- The negative impacts of discriminatory housing policies from the 1950s known as redlining continue today through racial segregation, poverty, and income inequality. As a result of these past policies, Black neighborhoods still disproportionately experience decreased property values, community disinvestment, and intergenerational wealth disparity.
- Residents in historically redlined neighborhoods are at great risk of pedestrian crashes today. They are more likely to rely on public transit or active transportation like walking, biking, and rolling meanwhile living in neighborhoods that lack sidewalks, crosswalks, and street lighting.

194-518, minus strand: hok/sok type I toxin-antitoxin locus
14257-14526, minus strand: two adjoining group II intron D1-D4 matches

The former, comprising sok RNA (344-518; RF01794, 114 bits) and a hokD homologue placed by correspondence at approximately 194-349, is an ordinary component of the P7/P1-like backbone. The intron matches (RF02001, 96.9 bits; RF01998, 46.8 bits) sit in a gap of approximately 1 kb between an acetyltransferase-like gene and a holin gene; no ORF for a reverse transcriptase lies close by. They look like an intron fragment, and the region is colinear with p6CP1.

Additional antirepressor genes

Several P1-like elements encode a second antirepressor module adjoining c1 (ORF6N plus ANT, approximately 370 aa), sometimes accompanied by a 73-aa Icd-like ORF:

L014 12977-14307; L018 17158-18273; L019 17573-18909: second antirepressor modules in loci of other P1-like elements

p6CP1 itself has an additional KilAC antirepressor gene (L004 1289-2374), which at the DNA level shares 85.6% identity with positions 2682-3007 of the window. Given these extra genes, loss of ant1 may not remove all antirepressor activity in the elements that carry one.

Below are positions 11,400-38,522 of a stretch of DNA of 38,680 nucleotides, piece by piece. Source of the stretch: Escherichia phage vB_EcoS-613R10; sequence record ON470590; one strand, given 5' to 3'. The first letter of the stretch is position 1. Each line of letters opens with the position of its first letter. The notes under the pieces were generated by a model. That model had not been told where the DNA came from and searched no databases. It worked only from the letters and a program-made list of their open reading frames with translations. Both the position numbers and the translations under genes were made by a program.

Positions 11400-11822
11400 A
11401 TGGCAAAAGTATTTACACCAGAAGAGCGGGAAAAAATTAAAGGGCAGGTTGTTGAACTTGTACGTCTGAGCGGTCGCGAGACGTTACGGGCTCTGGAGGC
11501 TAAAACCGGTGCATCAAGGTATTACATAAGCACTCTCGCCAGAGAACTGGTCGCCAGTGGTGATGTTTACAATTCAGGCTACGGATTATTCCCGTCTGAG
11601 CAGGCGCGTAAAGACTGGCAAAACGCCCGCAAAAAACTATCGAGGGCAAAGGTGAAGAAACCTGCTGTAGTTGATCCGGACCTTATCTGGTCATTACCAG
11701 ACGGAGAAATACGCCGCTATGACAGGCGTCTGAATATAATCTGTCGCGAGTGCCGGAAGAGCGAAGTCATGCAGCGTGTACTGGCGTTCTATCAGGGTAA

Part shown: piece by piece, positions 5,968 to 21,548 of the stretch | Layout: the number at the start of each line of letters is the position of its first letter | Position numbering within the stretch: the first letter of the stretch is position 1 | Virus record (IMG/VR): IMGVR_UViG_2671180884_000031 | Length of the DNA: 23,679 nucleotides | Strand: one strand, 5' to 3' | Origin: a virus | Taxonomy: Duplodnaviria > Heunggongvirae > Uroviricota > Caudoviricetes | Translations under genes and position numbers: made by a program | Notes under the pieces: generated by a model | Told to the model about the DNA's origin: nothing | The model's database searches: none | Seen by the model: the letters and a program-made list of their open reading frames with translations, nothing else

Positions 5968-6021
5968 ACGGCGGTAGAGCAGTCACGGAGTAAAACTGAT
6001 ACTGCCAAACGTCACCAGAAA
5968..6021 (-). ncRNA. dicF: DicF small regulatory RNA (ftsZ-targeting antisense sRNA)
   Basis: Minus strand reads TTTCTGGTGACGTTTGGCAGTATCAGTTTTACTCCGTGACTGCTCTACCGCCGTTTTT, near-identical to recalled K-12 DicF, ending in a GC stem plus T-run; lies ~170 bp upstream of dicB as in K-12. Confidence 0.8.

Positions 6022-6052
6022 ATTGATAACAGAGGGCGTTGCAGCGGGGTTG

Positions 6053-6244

- Pedestrian safety is not solely a matter of transportation policy but intersects with other policy decisions in housing, community development, and public health, to name a few. This calls for practitioners and advocates across these sectors to work together on policy and investment that rectify past harms created by redlining.
Taylor, N.L., Porter, J.M., Bryan, S., Harmon, K.J., Sandt, L. “Structural racism and pedestrian safety: Measuring the association between historical redlining and contemporary pedestrian fatalities across the United States.” American Journal of Public Health, (2023).